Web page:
By Margot Jakobsen
Moments of teenage conflict with Dad, explode into my adult mind. “You treat me like the enemy!”, he says.
“You are!” Then softening, “Dad, you’re damaged by the war.”
“What!? Are you a psychiatrist, now?”
“You don’t win by yelling the loudest!”
“You don’t respect me.”
“You have to deserve respect!”
No surrender. I left Adelaide for Sydney, and that was hard for him to forgive.
Now my father, the school librarian, is in a beige, plastic casket in the wall to ceiling shelves that I made some time ago out of cypress floorboards. I enclosed some of the sections with recycled, kitchen-cabinet doors of rich, red cedar. But he’s out in the open, making his presence felt. He was not a beige personality. Despite nerves that were strung up on the Russian front, he was respected by the Adelaide ‘Balts’*. The urn’s been there for a year or two…or three, and something must be done. He must be moved from the shelf in the mountain house that I built, to his final resting place, and it must be done soon.
Zoom back a few years. I’m visiting Mum and Dad in South Australia and we’re on a day trip to the glorious, Fleurieu Peninsula. We’ve ended up at a double-gabled, tavern on Hindmarsh Island. The decor of pale, laminated wood is modern and functional. It’s afternoon and the place is basically empty. We’re sitting outside on the wrap-around verandah. Below, a lush, green lawn slopes down to the water. Nothing is lofty or aspirational in this placid landscape. The distant hills are low and spreading, the big sky and water are pastel stripes. It’s calming and peaceful. We watch a pelican flap and glide, flap and glide just above the still water, his long beak staunchly parallel to it. Then using his feet like water skis, he skids to a landing. Visibly relaxing, he settles and tucks his wings neatly away.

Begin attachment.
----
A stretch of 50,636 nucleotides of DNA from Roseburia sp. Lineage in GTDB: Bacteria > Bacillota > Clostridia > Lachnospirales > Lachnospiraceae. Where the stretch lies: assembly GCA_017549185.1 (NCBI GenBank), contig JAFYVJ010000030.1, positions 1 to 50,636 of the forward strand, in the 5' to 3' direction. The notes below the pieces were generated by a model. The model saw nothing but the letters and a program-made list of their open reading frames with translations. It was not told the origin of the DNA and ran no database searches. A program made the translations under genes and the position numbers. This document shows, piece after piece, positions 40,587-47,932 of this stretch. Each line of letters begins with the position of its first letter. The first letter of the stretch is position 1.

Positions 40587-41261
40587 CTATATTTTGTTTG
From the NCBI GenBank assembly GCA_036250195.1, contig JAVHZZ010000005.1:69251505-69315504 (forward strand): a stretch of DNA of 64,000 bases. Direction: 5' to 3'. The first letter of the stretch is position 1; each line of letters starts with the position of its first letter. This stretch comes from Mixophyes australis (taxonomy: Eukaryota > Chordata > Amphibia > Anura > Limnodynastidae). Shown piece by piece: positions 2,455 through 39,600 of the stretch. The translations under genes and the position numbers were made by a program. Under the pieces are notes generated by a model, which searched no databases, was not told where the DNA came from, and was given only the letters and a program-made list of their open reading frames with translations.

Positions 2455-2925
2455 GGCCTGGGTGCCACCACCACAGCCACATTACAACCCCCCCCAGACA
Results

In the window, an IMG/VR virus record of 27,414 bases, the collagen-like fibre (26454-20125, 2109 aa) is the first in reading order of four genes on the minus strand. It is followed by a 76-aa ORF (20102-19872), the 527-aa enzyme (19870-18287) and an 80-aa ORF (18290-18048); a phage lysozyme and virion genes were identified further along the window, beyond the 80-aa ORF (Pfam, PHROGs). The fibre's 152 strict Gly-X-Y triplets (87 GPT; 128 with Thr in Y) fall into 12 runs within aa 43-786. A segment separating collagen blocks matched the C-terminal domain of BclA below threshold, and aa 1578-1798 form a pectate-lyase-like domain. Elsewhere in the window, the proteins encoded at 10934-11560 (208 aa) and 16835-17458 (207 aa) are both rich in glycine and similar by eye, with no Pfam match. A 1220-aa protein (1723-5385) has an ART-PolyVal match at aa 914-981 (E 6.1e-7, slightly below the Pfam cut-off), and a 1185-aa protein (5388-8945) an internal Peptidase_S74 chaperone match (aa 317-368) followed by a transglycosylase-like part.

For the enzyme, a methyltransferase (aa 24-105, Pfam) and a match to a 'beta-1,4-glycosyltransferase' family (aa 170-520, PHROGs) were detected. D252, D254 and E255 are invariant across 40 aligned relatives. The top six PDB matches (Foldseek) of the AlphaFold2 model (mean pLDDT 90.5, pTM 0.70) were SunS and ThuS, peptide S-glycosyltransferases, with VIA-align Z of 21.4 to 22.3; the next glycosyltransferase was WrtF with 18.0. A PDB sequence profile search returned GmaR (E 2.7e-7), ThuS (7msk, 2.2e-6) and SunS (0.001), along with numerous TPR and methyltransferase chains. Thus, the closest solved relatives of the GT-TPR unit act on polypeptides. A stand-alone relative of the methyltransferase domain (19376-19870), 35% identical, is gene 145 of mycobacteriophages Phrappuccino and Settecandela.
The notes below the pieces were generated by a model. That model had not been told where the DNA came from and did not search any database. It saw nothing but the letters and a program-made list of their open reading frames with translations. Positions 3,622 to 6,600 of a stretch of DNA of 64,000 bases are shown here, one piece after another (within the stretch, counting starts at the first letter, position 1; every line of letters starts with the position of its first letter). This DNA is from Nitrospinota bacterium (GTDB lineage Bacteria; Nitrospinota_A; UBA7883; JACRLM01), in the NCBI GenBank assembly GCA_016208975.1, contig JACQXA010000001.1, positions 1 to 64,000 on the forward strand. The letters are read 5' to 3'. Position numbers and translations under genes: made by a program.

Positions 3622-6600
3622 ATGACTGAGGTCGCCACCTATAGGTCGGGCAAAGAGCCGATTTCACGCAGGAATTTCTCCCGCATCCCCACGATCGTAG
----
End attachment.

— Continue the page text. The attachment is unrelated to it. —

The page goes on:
“I haven’t achieved that much here,” Dad reflects, “maybe I should have changed the ‘k’ in ‘Jakobsen’ to a ‘c’.”
All I can say is, “I like the ‘k’!”
Nothing about the impact of his story. The long journey from being the Police Commissioner’s boy, playing on the river in Rakvere, building a boat for paying passengers. How about a fleet of boats! To school dux. University studies. Dreams sunk by World War Two. Surviving the upheaval that washed him up on Australian shores. Still here, scarred, but always abundantly, larger than life.
Our coffees arrive and Dad’s suddenly talking about death, his.
“I’d like my ashes to be scattered in Estonia, I don’t s’pose you’d do it,” he says.
The ‘you’ sounds derogatory and jarring in the limpid air. Aggression, to mask the vulnerability. I turn towards him, seeing right through it to the olive branch. A Truce. Travel. An opportunity for the second, ‘difficult’ child to accept responsibility within the family. I look him straight in the eye. I want him to know I mean it. That I understand. This is a job of grave importance.
“Yes, I’ll do it!”
So, I take his urn to the old city, where his father had been well-off and important, where Jakobsen with a ‘k’ wasn’t weird, where the buskers play violins and cellos, and choirs of men sing in taverns.